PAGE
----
KP: The biggest thing for our players to understand is that to us, they’re more than just basketball players. That’s something that we have to constantly reiterate. Our job as coaches is to continue to emphasize critical thinking. That’s what we want. Our voice isn’t their voice. We want them to have the voice and have the knowledge to express themselves however they feel it’s important. They are role models. They are strong women. We are a majority Black team, so just to give them the support that they need to feel how they want to express themselves and the things that matter to them. I’ve been really proud of our team because I just think they approach everything with tremendous poise. They’re super intelligent. They research. They’re invested. They are complex in their thought process. 

You can learn a lot as a coach from them, and I think that’s something that I’ve had to step back and look at––how can I be better in supporting our Black female athletes? They are the most underrepresented group in the country. They are constantly at the slew of racial injustice and injustice everywhere. Having those conversations can be challenging, especially in the midst of a season. You can get so caught up in the basketball world, and you don’t want to forget that there’s a lot more that’s bigger than basketball. 

ER: Last year, you said the ceiling for the team was whatever they wanted it to be. I assume you feel the same about this group this year?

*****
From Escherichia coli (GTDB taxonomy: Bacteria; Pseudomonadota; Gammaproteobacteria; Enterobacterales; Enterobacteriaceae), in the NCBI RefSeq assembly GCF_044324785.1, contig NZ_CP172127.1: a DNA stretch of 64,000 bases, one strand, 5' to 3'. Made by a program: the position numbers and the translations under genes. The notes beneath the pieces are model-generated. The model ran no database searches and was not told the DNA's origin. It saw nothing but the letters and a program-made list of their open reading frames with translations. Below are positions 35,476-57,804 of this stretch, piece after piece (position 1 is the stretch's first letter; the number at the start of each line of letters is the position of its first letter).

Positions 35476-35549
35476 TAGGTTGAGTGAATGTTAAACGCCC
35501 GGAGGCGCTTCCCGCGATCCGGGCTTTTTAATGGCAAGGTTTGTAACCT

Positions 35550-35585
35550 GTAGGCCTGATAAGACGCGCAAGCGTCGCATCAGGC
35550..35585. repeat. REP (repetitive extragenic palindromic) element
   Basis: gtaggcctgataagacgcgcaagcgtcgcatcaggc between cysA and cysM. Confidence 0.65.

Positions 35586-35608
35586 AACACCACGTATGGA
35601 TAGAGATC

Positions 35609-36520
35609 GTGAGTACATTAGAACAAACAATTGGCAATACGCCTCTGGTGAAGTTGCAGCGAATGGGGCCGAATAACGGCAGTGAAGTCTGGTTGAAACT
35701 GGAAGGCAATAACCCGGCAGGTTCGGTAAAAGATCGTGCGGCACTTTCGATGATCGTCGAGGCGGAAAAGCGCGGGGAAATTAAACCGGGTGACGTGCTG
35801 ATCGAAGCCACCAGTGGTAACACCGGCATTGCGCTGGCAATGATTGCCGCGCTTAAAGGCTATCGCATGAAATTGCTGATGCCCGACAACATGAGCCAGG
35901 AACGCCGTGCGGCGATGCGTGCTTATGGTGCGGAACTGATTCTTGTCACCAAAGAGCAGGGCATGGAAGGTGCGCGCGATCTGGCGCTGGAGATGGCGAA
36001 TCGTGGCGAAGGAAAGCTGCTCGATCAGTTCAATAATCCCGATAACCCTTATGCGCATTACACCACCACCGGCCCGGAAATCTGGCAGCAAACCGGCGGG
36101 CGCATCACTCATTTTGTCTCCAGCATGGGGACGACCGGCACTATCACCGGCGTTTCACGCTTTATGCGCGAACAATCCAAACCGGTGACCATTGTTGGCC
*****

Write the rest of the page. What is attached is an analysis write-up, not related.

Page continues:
KP: Oh, absolutely. We have some really talented and amazing leaders on our team. You could say the world about Pulliam. This kid’s unreal. She just loves the game, and she’s just a really good-hearted person and leader. She’s tough as nails. She’s vocal. She’s incredible. You’ve seen V (Burton) rise up. Speaks for itself. Sydney Wood is always the unsung hero, but her leadership has really increased. She’s stepped up. She’s become a lot more vocal. The one thing I’ve seen in Jordan the most is she tries to play mother hen to the younger kids. She doesn’t ever let them get lost in the shuffle. We have to socially distance and you can only have so many at a table in team meal–you’ll see Jordan go sit with some of the younger players and goof around and make them feel comfortable. The leadership is there, and I think you’re continuing to see the evolution now that our first-years are starting to get playing time, they’re getting better every game and they’re going to continue to help us. We need that. Hopefully our best basketball is ahead of us, and I feel the same way I did last year for sure.